Inside China’s ‘monstrous’ military: New aircraft carrier, missiles explained by expert

Chinese military ‘live-fire exercise’ in South China Sea in May

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China has massively ramped up its incursions into Taiwan’s air defence identification zone (ADIZ) this year. The Chinese People’s Liberation Army (PLA) conducted 555 raids in the first six months of 2022 compared to 187 in the first half of last year, Taiwan’s defence ministry said last week. One of the communist superpower’s largest flyovers came in January as it sent 35 warplanes into the island nation’s skies, including near the Pratas Islands, which Taiwan controls in the disputed South China Sea. Beijing, which sees Taiwan as a breakaway province that will one day be reunited with mainland China, has claimed in the past that its missions are training drills to safeguard its sovereignty, and it has refused to rule out an invasion.

As well as the South China Sea, Beijing has also shown its military might in the South Pacific in recent months, with an apparent bid to construct a new military base in Papua New Guinea less than 100km (62 miles) from Australia.

Details of China’s attempts to secure a special economic zone in the town of Kikori – denied by the Chinese Embassy in Papua New Guinea – were reported by the Daily Mail earlier this month.

Against the backdrop of China’s expanding influence in the South China Sea and South Pacific, a US expert has taken an inside look at the “monstrous” military of the 1.4 billion-strong nation.

Dr John Callahan is a former diplomat and State Department spokesperson, who now works as a military adviser and a dean at New England College in the US.

Speaking to, he said: “The Chinese military is huge. It’s monstrous.

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“They just launched a third aircraft carrier. They are doing hundreds of aircraft sorties in the area around Taiwan.

“They are well known to have thousands of ballistic missiles and they make a lot of talk about their hypersonic missiles.”

Last month, China put on its latest show of military capabilities as it unveiled its third aircraft carrier, the Fujian.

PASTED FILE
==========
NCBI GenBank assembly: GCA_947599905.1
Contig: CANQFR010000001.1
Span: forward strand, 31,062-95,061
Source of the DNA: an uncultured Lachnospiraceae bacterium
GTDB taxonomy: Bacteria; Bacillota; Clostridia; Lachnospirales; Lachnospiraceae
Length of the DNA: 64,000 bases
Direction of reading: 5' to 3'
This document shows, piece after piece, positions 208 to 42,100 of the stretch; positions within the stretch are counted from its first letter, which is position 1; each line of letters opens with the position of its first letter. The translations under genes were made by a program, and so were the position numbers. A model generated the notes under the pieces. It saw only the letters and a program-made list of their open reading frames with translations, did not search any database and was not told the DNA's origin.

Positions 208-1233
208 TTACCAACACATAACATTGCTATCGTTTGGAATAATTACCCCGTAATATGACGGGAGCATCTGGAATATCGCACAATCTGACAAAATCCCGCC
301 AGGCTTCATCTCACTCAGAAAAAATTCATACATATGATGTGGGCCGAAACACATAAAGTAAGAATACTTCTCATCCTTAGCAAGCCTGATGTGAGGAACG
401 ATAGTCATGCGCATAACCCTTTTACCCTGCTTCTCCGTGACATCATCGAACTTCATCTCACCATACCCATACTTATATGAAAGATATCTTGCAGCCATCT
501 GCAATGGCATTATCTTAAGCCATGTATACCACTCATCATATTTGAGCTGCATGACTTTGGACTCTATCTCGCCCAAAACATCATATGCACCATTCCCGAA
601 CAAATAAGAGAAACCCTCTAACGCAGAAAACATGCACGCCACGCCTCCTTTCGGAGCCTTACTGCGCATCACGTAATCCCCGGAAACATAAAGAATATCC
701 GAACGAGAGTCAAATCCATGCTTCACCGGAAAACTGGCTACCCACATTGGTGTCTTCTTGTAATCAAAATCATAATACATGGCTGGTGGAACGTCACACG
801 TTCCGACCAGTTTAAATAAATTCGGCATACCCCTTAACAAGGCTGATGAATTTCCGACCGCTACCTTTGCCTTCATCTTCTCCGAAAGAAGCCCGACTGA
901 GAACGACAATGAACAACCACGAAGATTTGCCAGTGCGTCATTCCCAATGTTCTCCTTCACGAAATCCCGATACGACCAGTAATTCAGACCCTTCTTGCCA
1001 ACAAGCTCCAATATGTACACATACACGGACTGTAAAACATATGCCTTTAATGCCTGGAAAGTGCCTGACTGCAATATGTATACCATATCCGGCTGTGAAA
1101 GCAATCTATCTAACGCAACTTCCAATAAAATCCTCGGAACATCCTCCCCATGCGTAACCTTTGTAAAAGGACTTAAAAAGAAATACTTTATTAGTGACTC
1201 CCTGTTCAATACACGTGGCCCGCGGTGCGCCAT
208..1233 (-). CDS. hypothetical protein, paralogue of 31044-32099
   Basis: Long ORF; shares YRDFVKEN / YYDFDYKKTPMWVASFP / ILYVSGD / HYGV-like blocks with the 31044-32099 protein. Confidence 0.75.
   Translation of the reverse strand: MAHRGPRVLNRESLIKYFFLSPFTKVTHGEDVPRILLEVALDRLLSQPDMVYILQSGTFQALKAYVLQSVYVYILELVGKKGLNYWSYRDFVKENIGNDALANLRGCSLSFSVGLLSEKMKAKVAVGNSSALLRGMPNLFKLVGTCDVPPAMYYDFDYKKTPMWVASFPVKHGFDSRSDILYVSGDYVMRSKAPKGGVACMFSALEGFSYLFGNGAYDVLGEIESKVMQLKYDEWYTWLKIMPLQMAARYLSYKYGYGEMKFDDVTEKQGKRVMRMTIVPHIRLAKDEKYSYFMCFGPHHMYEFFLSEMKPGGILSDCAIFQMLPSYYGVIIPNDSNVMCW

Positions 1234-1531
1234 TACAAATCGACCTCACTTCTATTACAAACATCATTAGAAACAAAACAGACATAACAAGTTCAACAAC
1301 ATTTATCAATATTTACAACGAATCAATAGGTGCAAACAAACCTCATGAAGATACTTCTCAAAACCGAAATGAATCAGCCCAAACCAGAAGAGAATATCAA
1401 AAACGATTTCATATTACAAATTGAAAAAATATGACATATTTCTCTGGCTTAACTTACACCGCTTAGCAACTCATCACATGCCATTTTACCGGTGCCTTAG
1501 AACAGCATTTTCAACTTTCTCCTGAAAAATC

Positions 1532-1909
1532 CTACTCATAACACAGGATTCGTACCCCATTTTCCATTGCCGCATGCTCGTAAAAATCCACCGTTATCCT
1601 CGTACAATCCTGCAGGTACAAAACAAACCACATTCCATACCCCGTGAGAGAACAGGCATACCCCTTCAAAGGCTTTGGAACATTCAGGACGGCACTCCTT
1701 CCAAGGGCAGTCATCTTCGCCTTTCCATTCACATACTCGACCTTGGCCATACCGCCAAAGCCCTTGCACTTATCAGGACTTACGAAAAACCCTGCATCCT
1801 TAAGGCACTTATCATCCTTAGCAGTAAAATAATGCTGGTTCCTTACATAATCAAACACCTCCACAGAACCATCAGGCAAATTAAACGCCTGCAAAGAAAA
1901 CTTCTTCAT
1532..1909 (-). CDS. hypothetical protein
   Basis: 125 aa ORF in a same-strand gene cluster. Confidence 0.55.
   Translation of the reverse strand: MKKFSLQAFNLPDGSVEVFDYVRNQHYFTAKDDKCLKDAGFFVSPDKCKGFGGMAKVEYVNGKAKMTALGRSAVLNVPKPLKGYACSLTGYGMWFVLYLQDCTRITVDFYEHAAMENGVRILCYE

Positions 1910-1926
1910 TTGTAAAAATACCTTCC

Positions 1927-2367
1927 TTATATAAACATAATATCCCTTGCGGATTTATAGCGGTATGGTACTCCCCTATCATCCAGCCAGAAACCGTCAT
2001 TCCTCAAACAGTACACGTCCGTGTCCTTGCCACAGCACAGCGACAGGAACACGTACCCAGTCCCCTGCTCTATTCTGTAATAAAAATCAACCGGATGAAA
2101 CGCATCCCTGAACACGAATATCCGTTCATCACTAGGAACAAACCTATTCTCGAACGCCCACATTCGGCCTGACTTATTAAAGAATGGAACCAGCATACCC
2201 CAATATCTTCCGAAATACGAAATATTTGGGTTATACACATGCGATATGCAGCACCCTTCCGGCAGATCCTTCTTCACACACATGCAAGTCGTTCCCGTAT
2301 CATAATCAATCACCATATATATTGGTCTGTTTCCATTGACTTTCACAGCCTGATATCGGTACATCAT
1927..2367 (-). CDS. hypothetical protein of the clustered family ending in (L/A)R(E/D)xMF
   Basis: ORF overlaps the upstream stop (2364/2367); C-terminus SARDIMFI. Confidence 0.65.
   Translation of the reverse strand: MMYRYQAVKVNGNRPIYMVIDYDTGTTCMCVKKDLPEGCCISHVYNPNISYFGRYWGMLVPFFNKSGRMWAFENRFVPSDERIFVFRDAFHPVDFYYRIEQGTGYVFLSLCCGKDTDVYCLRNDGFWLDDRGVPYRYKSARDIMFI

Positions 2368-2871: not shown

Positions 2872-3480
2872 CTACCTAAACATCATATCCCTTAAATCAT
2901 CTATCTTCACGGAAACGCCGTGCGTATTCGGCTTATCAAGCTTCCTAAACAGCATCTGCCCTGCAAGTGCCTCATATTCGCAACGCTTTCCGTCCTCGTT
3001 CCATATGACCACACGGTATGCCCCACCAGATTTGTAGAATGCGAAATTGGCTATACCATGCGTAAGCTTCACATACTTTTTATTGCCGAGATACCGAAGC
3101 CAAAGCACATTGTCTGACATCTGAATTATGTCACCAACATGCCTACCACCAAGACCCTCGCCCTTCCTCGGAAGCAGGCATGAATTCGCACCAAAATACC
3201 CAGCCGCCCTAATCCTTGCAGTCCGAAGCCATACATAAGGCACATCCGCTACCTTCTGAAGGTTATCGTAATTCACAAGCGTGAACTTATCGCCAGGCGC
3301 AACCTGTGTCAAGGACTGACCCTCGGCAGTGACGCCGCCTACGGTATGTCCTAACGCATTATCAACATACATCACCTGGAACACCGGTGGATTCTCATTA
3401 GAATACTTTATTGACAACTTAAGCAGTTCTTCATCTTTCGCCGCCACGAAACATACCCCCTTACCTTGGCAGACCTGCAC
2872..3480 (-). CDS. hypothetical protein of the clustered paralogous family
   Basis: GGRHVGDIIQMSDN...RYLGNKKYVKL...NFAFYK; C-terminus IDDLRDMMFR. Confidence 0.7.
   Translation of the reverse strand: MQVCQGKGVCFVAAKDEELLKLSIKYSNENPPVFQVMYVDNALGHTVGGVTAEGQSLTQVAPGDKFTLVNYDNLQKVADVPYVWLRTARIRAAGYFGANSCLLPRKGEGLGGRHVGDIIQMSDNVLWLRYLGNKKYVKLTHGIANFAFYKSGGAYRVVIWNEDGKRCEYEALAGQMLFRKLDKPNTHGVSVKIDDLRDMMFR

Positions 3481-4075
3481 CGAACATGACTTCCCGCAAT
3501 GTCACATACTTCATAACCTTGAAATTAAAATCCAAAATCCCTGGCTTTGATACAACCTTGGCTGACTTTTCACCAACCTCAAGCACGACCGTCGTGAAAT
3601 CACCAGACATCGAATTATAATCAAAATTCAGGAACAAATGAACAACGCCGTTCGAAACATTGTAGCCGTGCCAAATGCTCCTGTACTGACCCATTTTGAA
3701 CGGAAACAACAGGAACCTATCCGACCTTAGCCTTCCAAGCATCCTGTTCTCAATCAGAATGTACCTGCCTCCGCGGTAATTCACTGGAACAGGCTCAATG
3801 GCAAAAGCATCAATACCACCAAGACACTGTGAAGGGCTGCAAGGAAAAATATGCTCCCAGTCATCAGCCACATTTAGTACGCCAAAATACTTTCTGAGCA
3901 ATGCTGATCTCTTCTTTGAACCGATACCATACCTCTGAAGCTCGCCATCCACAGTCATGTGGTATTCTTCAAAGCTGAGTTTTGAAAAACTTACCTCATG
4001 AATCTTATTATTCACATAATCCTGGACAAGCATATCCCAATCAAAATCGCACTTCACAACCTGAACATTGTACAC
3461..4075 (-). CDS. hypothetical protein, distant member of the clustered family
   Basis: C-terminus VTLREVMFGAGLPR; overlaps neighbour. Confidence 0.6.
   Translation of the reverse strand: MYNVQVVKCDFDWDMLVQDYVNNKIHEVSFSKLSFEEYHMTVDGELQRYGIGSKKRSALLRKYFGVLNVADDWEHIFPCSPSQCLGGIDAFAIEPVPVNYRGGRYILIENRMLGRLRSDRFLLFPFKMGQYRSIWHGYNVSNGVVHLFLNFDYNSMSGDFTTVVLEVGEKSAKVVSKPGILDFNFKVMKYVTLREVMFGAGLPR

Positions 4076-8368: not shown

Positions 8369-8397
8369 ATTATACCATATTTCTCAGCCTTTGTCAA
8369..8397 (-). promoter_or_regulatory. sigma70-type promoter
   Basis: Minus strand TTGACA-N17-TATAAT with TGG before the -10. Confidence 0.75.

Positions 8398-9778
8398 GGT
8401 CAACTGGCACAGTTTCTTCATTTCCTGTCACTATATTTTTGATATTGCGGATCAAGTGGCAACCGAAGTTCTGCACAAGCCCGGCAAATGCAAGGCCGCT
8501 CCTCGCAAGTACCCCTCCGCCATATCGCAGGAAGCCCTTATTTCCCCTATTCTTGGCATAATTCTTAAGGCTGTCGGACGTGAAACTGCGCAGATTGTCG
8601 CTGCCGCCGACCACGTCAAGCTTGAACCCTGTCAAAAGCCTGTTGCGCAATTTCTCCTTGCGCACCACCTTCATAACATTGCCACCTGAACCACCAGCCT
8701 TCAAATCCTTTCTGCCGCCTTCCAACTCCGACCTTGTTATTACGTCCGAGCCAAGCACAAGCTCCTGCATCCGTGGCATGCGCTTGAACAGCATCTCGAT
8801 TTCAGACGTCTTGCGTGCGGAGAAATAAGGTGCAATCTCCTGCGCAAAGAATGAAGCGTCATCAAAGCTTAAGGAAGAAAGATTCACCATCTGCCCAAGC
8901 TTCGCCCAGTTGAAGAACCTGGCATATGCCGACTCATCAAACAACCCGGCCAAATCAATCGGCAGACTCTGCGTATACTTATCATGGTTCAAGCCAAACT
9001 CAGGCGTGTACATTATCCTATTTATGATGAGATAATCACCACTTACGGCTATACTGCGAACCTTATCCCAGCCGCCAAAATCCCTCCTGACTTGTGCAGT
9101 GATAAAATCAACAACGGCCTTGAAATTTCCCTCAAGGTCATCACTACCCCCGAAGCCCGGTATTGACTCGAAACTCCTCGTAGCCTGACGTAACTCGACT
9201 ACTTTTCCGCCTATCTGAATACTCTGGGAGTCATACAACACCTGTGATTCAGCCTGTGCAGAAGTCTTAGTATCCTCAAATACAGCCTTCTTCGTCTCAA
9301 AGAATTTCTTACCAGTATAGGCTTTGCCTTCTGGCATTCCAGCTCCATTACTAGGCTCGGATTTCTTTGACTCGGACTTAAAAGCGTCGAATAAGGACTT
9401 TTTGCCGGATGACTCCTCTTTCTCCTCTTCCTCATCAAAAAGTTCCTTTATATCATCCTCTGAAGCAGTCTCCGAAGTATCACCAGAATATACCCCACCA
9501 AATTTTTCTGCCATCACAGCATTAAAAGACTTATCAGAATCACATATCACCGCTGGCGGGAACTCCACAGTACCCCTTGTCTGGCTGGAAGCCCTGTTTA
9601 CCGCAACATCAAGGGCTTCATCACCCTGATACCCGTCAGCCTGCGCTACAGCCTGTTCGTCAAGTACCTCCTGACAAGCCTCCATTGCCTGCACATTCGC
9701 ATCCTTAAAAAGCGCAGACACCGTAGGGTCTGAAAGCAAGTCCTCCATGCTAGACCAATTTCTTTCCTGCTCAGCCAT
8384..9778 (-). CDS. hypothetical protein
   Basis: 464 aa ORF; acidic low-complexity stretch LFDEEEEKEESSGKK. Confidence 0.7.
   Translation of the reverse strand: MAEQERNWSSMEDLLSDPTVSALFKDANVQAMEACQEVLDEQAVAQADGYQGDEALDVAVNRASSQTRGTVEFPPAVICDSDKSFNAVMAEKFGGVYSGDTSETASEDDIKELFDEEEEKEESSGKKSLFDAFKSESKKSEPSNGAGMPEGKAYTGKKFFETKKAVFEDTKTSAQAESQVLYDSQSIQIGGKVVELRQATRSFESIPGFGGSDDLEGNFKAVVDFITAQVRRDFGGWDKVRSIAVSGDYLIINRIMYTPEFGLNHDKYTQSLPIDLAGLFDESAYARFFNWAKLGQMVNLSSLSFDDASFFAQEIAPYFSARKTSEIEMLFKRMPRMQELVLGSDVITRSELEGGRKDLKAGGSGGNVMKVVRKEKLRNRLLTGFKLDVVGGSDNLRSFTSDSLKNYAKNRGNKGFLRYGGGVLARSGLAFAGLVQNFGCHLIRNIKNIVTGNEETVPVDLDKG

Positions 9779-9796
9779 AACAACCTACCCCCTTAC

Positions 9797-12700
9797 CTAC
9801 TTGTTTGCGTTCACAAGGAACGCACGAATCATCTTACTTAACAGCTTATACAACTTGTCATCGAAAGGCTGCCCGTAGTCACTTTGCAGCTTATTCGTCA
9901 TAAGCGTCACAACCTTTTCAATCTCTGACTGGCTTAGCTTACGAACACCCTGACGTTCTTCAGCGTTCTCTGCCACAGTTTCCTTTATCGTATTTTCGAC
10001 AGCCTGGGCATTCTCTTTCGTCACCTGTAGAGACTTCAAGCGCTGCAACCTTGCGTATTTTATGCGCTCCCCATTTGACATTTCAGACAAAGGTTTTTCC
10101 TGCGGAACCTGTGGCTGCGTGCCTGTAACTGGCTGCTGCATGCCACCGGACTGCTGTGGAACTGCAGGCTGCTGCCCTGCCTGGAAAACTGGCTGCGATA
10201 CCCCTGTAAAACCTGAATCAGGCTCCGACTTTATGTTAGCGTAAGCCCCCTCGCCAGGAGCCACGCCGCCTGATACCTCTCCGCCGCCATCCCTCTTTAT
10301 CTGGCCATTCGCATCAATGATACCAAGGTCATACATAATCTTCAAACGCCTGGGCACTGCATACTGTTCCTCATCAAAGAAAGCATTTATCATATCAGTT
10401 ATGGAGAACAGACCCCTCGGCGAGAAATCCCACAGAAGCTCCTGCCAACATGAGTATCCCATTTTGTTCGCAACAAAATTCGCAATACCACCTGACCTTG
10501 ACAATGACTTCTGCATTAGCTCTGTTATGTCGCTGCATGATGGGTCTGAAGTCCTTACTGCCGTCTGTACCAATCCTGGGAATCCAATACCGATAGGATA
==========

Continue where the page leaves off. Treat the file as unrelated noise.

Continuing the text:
The 80,000-tonne vessel, dubbed the “jewel in the crown” of the PLA Navy, is seen as a major rival to the US’ fleet of 11 aircraft carriers.

Meanwhile, China claims to have also bolstered its military with its continued development of hypersonic missile technology.

In May, Beijing conducted tests of an air-breathing engine for the cutting-edge weapons, in an apparent breakthrough as it races against the US and Russia to develop the technology.

The engine can reportedly be used to power a plane or missile to achieve speeds of up to five times the speed of sound (6,174 kmph).

While Dr Callahan noted China’s military advances, he also stressed that it remains unclear how the country’s armed forces would perform in a conflict.

He said: “It is hard to say how strong they really are for several reasons.

“One is they haven’t fought a real war since the Seventies and Vietnam kicked their butts in that war.”

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He added: “They tried to invade North Vietnam after the Vietnamese had finished with the US, and they made short work of the Chinese.

“And that is kind of crazy because we were operating across half of the globe.

“We won most of the battles. We weren’t militarily defeated, but they managed to send us off.

“And then China – which is right next door with a giant army – the Vietnamese saw them off too. So that says something.”

Dr Callahan also spoke about how China’s military advances may be worth little until it develops its military doctrine further.

He said: “You go back to the Korean War, and all they knew how to do was launch human wave attacks.

“And I’m sure that their doctrine has improved since then.

“But the problem is that until you use the doctrine it is very ephemeral.

“In other words, they may be awesome, but they won’t be awesome at the outset of a conflict.

“Because they’re going to have to learn how to actually implement all the ideas that they have come up with or stolen from the US.”

He added: “People talk about the third aircraft carrier, but so what?

“Show me how you can do 24/7 flight operations off of an aircraft carrier in a combat zone, which the US Navy – up until the last two or three years – did regularly in Afghanistan and Iraq.”

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